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Homosexuality- Does choice matter?

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Does that mean the marriage isn't a sin if the other party knows the score, as in the cases of, apparently, Rock Hudson or Peter Allen?

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Yeah, like too many Barbra Streisand records in utero.

Geez, come on, everyone knows that it is Judy Garland albums in utero...

Also, there are rumors that watching Johnny Mathis' lips while he sang "Misty" or "Chances Are" was also a contributor...damsel-smiley-emoticon.gif

A...

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Does that mean the marriage isn't a sin if the other party knows the score, as in the cases of, apparently, Rock Hudson or Peter Allen?

Well, it depends. For Rock Hudson, anyway, it was a coverup. The Hollywood powers-that-be wanted to preserve his star status as an alpha, heterosexual male. That's partly because of a lying culture wanting lies. So lies is what was got. Later, it stopped mattering so much. There are a lot more extant lies today of much greater import, like fighting for democracy and freedom around the world. When the culture honors honesty, honesty will benefit the culture. Hudson was a piffle. Vietnam was a slaughterhouse. Cambodia turned out even worse. LBJ lied this country into war. "Sin" is only evil lite. It's used by preachers to control the congregation, especially when passing the plate--the plate of partial extirpation (thus saving some guilt for next week).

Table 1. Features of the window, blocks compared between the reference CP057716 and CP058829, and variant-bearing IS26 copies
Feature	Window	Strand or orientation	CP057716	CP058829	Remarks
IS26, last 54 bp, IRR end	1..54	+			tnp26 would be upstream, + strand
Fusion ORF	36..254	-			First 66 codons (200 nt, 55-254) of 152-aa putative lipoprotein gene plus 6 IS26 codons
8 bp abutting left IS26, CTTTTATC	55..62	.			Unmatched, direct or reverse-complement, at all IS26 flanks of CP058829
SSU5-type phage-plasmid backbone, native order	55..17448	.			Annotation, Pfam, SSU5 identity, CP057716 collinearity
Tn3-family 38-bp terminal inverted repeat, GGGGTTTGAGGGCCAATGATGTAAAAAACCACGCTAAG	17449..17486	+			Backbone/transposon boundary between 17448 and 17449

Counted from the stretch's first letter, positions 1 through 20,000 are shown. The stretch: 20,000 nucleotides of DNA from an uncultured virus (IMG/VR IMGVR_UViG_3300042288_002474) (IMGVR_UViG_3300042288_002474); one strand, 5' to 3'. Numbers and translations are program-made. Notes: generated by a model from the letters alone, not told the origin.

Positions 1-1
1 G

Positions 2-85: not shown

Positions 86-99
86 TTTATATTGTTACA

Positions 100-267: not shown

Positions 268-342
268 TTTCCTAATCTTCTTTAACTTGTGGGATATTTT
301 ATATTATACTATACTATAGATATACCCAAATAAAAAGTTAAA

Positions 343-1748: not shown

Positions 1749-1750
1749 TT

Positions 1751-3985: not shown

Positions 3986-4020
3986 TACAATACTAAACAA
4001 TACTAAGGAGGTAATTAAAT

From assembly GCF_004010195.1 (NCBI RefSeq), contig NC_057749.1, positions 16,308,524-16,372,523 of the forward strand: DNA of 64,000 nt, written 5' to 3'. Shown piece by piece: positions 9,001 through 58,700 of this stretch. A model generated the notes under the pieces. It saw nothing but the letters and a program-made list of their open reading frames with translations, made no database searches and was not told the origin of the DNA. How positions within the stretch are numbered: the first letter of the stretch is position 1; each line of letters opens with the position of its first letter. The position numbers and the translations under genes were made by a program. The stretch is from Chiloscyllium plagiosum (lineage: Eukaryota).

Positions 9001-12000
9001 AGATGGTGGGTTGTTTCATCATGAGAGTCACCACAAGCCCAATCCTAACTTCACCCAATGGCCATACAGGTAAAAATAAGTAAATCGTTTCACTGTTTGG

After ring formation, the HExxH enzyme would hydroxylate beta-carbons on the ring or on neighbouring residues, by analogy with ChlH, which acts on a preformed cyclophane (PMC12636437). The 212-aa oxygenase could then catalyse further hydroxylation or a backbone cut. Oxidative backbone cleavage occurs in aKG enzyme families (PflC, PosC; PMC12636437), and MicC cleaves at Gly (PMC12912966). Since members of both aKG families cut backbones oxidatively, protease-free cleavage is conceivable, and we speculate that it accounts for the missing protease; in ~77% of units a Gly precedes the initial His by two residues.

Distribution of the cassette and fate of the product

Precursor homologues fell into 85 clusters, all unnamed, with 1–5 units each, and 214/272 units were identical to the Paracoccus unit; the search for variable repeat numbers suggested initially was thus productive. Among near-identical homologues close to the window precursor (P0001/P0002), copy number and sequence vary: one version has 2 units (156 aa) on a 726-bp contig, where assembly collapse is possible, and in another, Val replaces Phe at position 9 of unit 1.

--Brant

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An excellent question.

I believe that much of this is rooted in the fact that the major religions, Judaism, Christianity and Islam apparently have moral strictures on the act itself and have declared it a sin.

This reduced the "behavior" as a "moral" choice which made it discretionary.

Therefore, the behavior is choosing to live and act sinfully.

A...

best I can do on your question right now

Sin or no sin, being sexually attracted to a member of one's own gender is caused at a very internal, very basic biological level. It is not something that one decides by pondering, reasoning and planning. Feelings happen. Of course once we have our desires we can rationally plan how to fulfill them.

For purely genetic reasons, we have evolved in such a way that men for the most part naturally lust after women (sexually speaking) and women for the most part mostly lust after men. Some men and women sexually lust after persons of either gender.

It is well that this is the case. We have evolved in such a way that reproducing requires the common effort of a male and a female.

If a means is ever found to split a female egg by mitosis and combine halves of different eggs to produce a viable fertilized egg, then males would not be necessary to reproduce the species. Hmmm.....

Ba'al Chatzaf